And all of the nonsense about “you would have hated me,” further backs up that idea (I know you said it repeatedly, I’m just completing my thought): that the mother was absolutely set on one course of action and wouldn’t have tolerated any disagreement, and that poor Christy had no choice but to go along if she wanted to be there for the mother at all and continue protecting and helping her.

      “Pushing you into a corner where you felt you didn’t have a choice,” further emphasizes and encourages the mother to think of herself as someone fighting for the course of action she wanted, valiantly battling against those who disagreed, with only Christy standing beside her; it encourages the mother to think she would have felt abandoned if Christy had disagreed. And by doing so it encourages the mother to absolve Christy of blame and take it on herself.

      It is so very vile.

      • anion

        BTW, I too had to stop reading at the part about spending the night in the hospital bed (I can’t even bring myself to complete the phrase). Utterly heartbreaking.

      • http://kumquatwriter.wordpress.com/ Kumquatwriter

        Yes! Would you mind copy/pasting that as a comment on the post itself? You’ve added some nuances I didn’t highlight.

        • anion

          Thank you! Done. :-)

      • Alenushka

        My doctor does not care if I hate her when she gives me info about my treatment options because it does not matter. What matters is that I as patient understand the risks and benefits.

        • fiftyfifty1

          “What matters is that I as patient understand the risks and benefits.”

          This is exactly what we are taught in medical school- that we are obligated to make sure that the patient understands the risks and benefits. A common example is our obligation to educate a patient about the risks and alternatives before a (non-emergency) surgery. Not infrequently, a patient will try to “waive their right” to a discussion of the risks by saying something like “Doc, you don’t have to tell me all this. I’ve already decided on the surgery” or even “Don’t tell me all these risks, I’m a nervous person and would rather not talk about it”. As a medical student I remember thinking that that was fair enough; I had given them a fair chance to discuss the risks and they had declined, and now they could sign off on the informed consent paper. Besides, I didn’t want to add any distress, right? I remember telling this to my preceptor at the time and having her correct me. I am *obligated* to make sure patients are aware of risks and benefits and alternatives to the medical decisions they make. I am *obligated* to make sure they understand. “I don’t wanna make you mad” (or scared, or bored, or confused) is not an excuse.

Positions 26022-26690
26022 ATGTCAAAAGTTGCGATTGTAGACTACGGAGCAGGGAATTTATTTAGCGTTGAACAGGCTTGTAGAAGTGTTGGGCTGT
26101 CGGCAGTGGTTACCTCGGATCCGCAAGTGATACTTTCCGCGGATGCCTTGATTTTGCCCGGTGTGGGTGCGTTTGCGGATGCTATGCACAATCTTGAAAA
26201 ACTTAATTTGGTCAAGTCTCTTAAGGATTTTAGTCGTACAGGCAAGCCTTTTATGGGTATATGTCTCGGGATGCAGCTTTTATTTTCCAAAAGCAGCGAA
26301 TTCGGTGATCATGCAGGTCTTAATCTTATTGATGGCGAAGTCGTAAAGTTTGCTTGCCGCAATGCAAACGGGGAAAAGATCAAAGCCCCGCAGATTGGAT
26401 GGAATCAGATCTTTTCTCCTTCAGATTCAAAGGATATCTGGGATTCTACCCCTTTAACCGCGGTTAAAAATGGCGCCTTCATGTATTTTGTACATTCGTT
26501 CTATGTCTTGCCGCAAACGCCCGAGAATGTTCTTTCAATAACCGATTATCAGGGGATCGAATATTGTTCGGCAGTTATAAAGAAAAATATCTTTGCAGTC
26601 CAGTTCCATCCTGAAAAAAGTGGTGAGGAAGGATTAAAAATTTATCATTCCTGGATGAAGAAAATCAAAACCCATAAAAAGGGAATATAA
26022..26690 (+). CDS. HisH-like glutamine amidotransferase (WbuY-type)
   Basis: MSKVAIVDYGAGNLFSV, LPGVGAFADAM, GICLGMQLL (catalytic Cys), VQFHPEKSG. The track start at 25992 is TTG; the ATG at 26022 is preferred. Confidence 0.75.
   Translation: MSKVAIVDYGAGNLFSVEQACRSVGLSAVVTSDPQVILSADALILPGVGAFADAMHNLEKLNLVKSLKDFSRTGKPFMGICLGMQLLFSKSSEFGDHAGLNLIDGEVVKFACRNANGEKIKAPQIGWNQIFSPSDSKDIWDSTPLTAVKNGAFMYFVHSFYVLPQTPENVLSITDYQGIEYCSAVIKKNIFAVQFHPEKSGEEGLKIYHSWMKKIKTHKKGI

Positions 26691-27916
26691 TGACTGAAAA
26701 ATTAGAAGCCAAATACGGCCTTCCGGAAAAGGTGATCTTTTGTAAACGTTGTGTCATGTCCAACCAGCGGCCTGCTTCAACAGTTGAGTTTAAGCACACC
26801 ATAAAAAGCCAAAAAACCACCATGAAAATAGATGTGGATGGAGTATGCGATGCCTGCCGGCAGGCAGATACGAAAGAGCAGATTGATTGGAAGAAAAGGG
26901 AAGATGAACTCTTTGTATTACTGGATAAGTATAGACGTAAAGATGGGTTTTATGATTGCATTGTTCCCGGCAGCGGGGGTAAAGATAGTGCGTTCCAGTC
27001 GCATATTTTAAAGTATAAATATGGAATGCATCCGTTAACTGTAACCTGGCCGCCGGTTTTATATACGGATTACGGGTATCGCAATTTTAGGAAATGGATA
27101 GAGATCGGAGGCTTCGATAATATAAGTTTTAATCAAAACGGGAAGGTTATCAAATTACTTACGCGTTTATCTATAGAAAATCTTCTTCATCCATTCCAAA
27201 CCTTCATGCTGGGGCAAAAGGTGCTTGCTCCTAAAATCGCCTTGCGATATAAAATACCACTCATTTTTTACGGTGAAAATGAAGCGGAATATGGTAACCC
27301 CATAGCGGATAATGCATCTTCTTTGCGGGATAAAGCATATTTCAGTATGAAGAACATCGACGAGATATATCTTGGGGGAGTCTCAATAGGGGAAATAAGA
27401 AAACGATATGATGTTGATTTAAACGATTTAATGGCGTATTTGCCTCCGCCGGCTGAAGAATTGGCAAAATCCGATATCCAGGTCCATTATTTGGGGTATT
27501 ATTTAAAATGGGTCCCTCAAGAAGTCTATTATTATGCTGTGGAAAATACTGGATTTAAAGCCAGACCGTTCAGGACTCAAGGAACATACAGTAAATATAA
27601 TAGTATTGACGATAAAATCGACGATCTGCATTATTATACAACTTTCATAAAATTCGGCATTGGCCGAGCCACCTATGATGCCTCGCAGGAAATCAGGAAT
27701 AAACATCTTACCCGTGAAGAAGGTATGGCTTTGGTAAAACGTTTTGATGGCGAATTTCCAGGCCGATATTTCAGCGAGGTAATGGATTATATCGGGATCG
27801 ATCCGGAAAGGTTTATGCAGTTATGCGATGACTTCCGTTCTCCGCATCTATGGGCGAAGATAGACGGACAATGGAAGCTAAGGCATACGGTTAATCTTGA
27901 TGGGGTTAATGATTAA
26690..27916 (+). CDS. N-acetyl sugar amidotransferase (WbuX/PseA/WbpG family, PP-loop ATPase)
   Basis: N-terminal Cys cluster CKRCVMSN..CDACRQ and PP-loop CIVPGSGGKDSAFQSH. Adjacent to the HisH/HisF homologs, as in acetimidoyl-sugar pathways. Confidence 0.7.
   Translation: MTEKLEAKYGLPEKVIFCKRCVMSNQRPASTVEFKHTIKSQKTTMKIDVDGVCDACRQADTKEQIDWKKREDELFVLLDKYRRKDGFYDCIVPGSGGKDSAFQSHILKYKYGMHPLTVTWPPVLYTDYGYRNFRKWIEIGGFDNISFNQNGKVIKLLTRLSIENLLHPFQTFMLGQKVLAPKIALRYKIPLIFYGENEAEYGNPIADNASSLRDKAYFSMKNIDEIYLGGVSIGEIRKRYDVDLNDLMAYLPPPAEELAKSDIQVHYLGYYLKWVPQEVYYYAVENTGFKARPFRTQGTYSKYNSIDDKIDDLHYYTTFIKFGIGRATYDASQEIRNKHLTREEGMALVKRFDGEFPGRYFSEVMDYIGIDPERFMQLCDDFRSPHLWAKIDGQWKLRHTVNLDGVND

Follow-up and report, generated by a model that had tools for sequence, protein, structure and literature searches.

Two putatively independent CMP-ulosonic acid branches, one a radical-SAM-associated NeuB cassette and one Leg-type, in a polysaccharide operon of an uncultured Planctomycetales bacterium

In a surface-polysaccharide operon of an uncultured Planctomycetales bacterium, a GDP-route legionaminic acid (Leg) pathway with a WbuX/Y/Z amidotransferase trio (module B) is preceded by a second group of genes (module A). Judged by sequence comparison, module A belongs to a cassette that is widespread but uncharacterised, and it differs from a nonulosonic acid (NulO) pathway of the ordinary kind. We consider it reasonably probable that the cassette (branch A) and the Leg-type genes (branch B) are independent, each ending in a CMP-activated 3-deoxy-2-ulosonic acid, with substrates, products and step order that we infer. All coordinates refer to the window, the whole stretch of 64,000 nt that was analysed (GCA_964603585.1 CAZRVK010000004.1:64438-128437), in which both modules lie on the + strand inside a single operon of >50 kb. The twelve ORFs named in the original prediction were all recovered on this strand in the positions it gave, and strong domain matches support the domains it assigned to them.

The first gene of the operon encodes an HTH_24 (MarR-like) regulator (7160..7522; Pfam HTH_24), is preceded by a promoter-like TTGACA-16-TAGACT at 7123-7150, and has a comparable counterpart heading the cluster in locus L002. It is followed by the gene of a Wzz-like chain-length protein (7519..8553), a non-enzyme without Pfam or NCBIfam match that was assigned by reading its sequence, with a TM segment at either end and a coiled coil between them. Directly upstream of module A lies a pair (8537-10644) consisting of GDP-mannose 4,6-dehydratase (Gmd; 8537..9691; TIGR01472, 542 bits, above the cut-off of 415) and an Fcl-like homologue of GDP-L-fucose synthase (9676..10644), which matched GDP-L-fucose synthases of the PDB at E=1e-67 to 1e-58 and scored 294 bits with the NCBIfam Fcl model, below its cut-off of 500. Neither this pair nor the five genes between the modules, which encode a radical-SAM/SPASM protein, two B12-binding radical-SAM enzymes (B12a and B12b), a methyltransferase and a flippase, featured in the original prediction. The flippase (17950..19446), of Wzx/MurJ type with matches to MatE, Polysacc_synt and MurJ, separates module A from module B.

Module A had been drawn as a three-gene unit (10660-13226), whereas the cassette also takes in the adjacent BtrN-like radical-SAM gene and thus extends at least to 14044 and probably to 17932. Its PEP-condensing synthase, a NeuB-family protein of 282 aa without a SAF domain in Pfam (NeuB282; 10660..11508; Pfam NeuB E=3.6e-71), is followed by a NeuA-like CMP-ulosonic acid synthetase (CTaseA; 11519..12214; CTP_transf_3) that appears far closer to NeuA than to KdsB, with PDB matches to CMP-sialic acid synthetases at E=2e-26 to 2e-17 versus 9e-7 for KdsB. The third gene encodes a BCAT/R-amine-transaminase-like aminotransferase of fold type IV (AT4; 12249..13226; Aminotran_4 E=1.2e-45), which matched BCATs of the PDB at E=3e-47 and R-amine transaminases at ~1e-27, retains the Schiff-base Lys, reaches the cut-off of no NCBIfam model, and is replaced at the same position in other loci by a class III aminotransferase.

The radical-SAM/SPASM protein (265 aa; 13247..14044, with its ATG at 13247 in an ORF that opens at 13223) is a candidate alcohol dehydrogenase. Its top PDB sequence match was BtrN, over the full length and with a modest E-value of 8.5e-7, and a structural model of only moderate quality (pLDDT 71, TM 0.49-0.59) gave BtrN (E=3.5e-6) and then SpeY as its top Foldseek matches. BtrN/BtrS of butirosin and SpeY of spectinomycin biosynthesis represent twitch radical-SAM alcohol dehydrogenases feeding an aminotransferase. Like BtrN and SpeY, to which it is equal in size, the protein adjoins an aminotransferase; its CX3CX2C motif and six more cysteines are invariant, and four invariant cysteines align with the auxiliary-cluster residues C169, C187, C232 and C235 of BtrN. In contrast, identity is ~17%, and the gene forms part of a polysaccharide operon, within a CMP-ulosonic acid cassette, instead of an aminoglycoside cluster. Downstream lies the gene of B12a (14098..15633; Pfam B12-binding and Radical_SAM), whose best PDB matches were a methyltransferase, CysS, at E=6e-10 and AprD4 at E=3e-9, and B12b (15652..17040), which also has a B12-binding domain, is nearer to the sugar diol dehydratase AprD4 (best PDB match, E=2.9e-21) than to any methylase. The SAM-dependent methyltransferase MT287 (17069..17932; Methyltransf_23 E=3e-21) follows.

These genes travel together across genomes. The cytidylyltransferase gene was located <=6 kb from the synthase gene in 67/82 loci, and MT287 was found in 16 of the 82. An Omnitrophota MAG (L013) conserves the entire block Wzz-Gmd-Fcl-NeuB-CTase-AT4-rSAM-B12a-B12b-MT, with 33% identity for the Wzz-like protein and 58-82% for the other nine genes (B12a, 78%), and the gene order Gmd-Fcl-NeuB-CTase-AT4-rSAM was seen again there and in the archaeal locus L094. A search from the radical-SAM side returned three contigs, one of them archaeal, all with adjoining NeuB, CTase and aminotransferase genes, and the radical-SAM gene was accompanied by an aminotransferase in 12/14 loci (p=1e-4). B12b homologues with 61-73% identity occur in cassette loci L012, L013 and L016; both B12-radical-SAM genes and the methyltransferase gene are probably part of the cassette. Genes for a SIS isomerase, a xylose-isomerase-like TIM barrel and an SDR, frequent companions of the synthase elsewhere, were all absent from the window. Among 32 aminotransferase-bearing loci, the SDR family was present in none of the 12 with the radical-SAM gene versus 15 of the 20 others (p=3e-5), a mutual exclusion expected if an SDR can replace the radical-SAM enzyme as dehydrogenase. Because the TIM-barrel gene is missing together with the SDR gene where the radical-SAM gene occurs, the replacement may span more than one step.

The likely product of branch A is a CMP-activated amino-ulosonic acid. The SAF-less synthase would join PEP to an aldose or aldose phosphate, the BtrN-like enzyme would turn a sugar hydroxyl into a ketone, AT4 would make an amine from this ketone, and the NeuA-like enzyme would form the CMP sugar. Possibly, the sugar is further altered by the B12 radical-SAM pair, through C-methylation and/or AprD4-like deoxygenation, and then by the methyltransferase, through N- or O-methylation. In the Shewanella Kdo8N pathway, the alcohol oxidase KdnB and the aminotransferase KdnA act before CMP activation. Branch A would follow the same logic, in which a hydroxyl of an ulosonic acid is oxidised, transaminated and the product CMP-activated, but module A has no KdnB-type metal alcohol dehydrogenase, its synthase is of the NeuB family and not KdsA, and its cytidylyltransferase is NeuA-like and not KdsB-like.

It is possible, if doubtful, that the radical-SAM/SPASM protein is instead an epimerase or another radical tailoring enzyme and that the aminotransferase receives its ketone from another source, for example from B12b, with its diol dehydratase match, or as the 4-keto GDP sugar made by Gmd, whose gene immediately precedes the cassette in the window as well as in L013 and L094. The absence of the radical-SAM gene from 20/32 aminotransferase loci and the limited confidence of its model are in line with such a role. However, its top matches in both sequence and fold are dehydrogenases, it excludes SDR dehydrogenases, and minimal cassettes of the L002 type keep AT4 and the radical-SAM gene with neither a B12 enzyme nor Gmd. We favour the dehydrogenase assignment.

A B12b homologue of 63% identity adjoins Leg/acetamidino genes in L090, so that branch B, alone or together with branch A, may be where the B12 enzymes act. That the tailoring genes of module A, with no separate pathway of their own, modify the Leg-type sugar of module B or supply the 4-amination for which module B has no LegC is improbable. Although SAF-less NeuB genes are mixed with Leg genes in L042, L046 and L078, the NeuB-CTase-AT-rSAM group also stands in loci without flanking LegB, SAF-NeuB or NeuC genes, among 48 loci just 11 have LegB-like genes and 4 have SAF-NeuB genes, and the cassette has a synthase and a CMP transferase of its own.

• Meredith

      Amazing work. Thank you for bringing your experience to bear and for spending so much time with those poisonous words.

    • Amazed

      Oh, and I’ve got a problem with the very premise of the letter. It’s written in a way that was meant to present Christy and her Facebook advisors as competent providers who knew what was going on but oh, Christy was the poor victim of the mom’s selfish determination to have this homebirth, come hell or high water.

      I really don’t think it was the case. Facebook was clear. They were a bunch of dangerous incompetents. In this revolting letter, Christy aimed to preserve their professional image and respectability, so everyone the parents would show the letter would be awed by their great knowledge and sad plea brought only out of the goodness of Christy’s heart. Christy was the victim here, that’s the insinuation.

    • fiftyfifty1

      Kumquat, do you think manipulators know in their own minds exactly what they are doing (i.e. “Oh, here I’ll shift the blame subtly onto her by saying this. Oh, here I’ll bring up a vivid image of her dead baby to make her emotional so she won’t think clearly etc”) or is this something that they do only semi-consciously or instinctively?

      ETA: not that it really matters I suppose. They do it in either case.

      • http://kumquatwriter.wordpress.com/ Kumquatwriter

        I think it varies. Most manipulators I have known are definitely aware enough that they are manipulating and usually have some favorite tactics. The real monsters are fully aware on a line by line basis, others just have instincts.

    • LadyLuck777

      Excellent dissection. Gut wrenching guilt mongering on the part of the midwife. She should be ashamed.

    • http://momofmanyfeet.wordpress.com Bambi

      I think this may be why this thing has triggered me like it has. You nailed it. I can’t help but wonder how many other parents get letters like these.

      • http://kumquatwriter.wordpress.com/ Kumquatwriter

        It’s triggering enough that it gave me nightmares, and I’m totally outside this AND I’ve had years of therapy. It’s disgusting.

    • Jocelyn

      Dr. Amy, might it be possible for you to send this to whomever that letter was sent to?

    • anh

      Kumquat, this is awesome. I decided a long time ago after reading your blog that you are the Most Interesting Person on the Internet and this just proves it. Thanks for sharing your experience and applying your insight to this situation.